As part of your GCSE chemistry studies, you’ll need to have a good understanding of why temperature changes occur during a chemical reaction. After all, a rise or fall in temperature is one of the important and measurable indicators of chemical change.
Conducting your own experiment is a great way to learn about the science behind temperature change in chemistry. In this article, we provide step-by-step instructions on how to produce a highly-exothermic (heat-releasing) chemical reaction between an acid and a base.
In this post:
What is a temperature change in chemistry?
In chemistry, temperature change occurs when chemical bonds are broken or created during a chemical reaction.
When two or more substances react, electrons are either shared equally among the atoms (covalent bonds) in the reactants or they’re transferred from one to another (ionic bonds). This process of sharing and transferring electrons disturbs the energy in the orbital shells.
The two main types of temperature change
Temperature change is an important and measurable indicator of chemical change.
As we’ve already explained, the atoms in the reactants may either release or absorb heat energy. The former is called an exothermic reaction, while the latter is known as an endothermic reaction.
During an exothermic reaction, heat energy is released into the system. A common example of an exothermic reaction is combustion, or burning.
In a combustion reaction, a fuel such as butane reacts with oxygen to produce carbon dioxide and water. If the reaction is incomplete, some carbon residue or soot is left behind.
Conversely, in an endothermic reaction, heat energy is absorbed from the system.
Photosynthesis is a good example of an endothermic reaction because the process absorbs more energy than it releases. As a result, the overall temperature of the system is reduced.
What is the chemical equation for temperature change?
A temperature change in a chemical reaction is expressed using this simple formula:
ΔT = Tf−Ti
Delta T in this reaction represents the change in temperature. This change is the difference between the temperature at the start of the reaction and the temperature at the end. It’s important to note that this concept relates to the specific heat of every substance.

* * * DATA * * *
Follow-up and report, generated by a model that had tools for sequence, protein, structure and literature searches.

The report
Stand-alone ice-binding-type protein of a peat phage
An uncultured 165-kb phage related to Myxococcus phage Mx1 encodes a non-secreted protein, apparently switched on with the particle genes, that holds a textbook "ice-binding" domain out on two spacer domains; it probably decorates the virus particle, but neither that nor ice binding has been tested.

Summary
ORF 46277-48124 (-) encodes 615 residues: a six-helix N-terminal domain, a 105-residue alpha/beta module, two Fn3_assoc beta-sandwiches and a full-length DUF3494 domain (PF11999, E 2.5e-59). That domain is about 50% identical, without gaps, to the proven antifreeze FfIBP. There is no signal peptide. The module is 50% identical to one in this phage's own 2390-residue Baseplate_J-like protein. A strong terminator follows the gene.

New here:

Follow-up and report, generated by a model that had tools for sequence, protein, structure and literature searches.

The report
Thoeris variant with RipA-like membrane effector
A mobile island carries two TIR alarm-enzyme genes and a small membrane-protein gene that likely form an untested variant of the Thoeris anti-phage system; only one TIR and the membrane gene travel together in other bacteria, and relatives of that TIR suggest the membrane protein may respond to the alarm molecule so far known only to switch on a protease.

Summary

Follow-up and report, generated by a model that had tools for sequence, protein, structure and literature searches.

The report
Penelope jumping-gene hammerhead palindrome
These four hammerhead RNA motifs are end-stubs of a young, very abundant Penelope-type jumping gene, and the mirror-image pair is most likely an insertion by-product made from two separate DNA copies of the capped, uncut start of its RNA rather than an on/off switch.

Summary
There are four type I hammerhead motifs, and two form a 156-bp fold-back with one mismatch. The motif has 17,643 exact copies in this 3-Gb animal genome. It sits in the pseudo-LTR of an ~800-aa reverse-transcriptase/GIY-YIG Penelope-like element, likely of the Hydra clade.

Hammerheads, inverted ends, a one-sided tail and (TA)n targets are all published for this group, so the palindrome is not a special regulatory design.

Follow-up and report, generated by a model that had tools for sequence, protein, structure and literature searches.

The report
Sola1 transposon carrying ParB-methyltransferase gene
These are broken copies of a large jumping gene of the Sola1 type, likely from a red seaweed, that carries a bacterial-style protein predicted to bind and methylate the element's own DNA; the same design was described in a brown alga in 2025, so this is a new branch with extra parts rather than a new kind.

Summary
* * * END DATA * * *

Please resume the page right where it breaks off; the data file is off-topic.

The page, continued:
The specific heat is the amount of energy that has to be transferred to or from a substance to change its temperature by one degree Celsius. It’s expressed in Joule per gram degree Celsius, or J/g°C.
What’s the objective of this experiment?
The main objective of this experiment is to demonstrate the change in temperature during a chemical reaction. It will focus on an exothermic reaction between an acid (in this case, hydrochloric acid) and a base (sodium hydroxide).
As you’ll discover, the heat produced during this neutralisation reaction is directly proportional to the strength and concentration of the reactants.
Equipment & tools needed
To perform this relatively simple experiment, you’ll need the following laboratory equipment and tools:
- Laboratory thermometer (digital or mercury)
- 100 mL graduated cylinder
- Two 50 mL beakers
- Triple beam balance or a digital weighing scale
- Sodium hydroxide powder
- Hydrochloric acid
- Distilled water
- Personal protective equipment such as goggles and gloves.
Once you’ve prepared your equipment, follow the steps below to perform the experiment.
You can either prepare a solution of sodium hydroxide of about 1M or you can use a ready-made solution from the lab. Measure a 25 mL solution of sodium hydroxide using a graduated cylinder and transfer it to a beaker.
Step 2: Measure the temperature of the liquid
Next, measure the temperature of the solution and record it as the initial temperature. This will serve as your baseline measurement.
If you’re using a standard prepared solution, this measurement is likely to be around room temperature. However, if the solution has been freshly mixed, the temperature may be higher than the room or ambient temperature.
Step 3: Pour 5 mL of hydrochloric acid into the same cylinder
Using the same graduated cylinder, measure 5 mL of hydrochloric acid. As when handling any kind of acid or hazardous substance, always wear the appropriate PPE to prevent injuries.
Step 4: Mix the liquids together
Pour the hydrochloric acid solution into the 25 mL sodium hydroxide solution. As you do this, the temperature will increase. The heat produced is due to the neutralisation reaction between the acid and the base.
Step 5: Record the maximum temperature the liquids reach
The next step is to start recording the temperature change. To do this, immerse the probe portion of the thermometer into the solution.
Wait until the temperature becomes the same as the ambient temperature. Make sure you take note of the maximum temperature it reaches before it subsides.
Step 6: Repeat steps 1 to 5, increasing the hydrochloric acid by 5 mL each time
You’ll need to repeat the above process at least five more times until the volume of the mixed solution reaches 50 mL.
Take note of the change in temperature as you continue to add the hydrochloric acid solution. If the two solutions have a concentration of 1 M, the complete neutralisation point will be at 50 mL.
Both reactants need to be at 1 M or equal mole value to completely react with each other, producing water and salt. The balanced chemical equation can be written as:
HCl + NaOH → NaCl + H2O
A temperature change occurs when chemical bonds are broken or formed in a chemical reaction. During this process, heat energy is either released (an exothermic reaction) or absorbed (an endothermic reaction). You can measure temperature change by conducting a simple neutralisation experiment using an acid and a base.
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